Responsible disclosure

In computer security or elsewhere, responsible disclosure is a vulnerability disclosure model in which a vulnerability or an issue is disclosed only after a period of time that allows for the vulnerability or issue to be patched or mended. This period distinguishes the model from full disclosure.
Developers of hardware and software often require time and resources to repair their mistakes. Hackers and computer security scientists have the opinion that it is their social responsibility to make the public aware of vulnerabilities with a high impact. Hiding these problems could cause a feeling of false security. To avoid this, the involved parties join forces and agree on a period of time for repairing the vulnerability and preventing any future damage. Depending on the potential impact of the vulnerability, the expected time needed for an emergency fix or workaround to be developed and applied and other factors, this period may vary between a few days and several months. It is easier to patch software by using the Internet as a distribution channel.
Responsible disclosure fails to satisfy security researchers who expect to be financially compensated, while reporting vulnerabilities to the vendor with the expectation of compensation might be viewed as extortion. While a market for vulnerabilities has developed, vulnerability commercialization remains a hotly debated topic tied to the concept of vulnerability disclosure. Today, the two primary players in the commercial vulnerability market are iDefense, which started their vulnerability contributor program in 2003, and TippingPoint, with their zero-day initiative started in 2005. These organisations follow the responsible disclosure process with the material bought. Between March 2003 and December 2007 an average 7.5% of the vulnerabilities affecting Microsoft and Apple were processed by either VCP or ZDI.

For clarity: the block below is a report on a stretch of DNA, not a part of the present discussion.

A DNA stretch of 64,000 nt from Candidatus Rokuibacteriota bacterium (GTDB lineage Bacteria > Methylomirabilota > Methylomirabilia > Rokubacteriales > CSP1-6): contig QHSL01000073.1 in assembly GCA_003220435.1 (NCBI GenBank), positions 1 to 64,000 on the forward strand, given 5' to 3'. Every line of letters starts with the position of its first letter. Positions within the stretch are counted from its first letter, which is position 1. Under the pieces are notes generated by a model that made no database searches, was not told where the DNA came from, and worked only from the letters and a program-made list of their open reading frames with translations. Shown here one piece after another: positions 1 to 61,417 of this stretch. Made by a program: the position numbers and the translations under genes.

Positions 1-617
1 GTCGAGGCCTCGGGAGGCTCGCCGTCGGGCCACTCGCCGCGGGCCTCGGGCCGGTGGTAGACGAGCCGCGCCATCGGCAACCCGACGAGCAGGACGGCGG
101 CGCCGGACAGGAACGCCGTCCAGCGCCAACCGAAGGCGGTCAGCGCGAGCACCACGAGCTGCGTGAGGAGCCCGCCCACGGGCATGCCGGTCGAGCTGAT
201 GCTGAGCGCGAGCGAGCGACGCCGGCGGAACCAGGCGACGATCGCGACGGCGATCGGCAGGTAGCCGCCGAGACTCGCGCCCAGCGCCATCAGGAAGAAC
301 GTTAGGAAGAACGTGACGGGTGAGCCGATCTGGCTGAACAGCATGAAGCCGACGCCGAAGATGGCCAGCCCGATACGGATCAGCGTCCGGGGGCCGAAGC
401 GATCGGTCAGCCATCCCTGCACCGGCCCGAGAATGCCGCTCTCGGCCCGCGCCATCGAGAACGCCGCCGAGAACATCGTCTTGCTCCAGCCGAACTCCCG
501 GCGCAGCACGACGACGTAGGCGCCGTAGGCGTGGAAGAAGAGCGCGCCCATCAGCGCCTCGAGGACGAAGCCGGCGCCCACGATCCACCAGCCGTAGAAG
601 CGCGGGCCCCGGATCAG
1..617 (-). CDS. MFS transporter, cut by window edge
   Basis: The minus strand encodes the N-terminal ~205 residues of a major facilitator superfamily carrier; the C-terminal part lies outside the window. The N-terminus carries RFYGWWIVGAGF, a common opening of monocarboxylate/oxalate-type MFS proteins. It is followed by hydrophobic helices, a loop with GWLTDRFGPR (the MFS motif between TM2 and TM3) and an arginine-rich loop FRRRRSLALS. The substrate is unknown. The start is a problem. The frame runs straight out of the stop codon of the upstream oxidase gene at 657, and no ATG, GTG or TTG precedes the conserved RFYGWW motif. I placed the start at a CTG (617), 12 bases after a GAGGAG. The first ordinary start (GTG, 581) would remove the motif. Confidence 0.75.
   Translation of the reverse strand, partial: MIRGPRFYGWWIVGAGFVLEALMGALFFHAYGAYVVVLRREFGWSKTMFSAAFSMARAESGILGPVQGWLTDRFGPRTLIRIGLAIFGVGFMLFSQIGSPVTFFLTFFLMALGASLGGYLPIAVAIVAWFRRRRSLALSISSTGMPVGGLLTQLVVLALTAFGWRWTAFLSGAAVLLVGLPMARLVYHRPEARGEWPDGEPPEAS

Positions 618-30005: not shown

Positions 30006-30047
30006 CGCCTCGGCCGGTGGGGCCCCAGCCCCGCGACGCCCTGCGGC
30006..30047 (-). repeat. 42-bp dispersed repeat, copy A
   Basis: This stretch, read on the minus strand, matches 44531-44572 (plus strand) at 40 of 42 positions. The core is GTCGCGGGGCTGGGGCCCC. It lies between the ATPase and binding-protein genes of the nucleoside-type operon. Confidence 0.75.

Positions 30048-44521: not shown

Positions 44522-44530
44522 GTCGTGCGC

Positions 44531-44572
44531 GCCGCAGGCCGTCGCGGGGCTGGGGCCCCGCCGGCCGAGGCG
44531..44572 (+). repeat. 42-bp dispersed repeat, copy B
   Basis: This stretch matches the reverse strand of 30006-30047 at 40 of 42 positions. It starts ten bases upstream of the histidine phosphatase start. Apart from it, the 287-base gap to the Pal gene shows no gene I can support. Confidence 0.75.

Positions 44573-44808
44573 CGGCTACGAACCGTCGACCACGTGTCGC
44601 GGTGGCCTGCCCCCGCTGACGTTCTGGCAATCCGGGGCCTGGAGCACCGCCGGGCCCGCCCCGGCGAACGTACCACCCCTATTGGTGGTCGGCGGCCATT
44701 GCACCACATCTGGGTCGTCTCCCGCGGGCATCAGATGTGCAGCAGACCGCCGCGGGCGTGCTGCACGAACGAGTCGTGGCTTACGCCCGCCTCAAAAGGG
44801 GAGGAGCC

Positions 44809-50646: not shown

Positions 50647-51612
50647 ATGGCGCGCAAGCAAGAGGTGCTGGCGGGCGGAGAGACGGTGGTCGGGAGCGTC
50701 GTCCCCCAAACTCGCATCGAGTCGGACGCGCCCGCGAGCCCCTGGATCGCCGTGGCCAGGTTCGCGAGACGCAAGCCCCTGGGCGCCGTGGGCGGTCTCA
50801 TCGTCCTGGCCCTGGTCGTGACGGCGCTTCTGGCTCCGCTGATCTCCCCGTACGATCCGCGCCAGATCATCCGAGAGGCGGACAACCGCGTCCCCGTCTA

Independent firms financially supporting responsible disclosure by paying bug bounties include Facebook, Google, Mozilla, and Barracuda Networks.
Vendor-sec was a responsible disclosure mailing list. Many, if not all, of the CERT groups coordinate responsible disclosures.

Disclosure policies

has a 90-day disclosure deadline which starts after notifying vendors of vulnerability, with details shared in public with the defensive community after 90 days, or sooner if the vendor releases a fix.
ZDI has a 120-day disclosure deadline which starts after receiving a response from the vendor.


Selected security vulnerabilities resolved by applying responsible disclosure: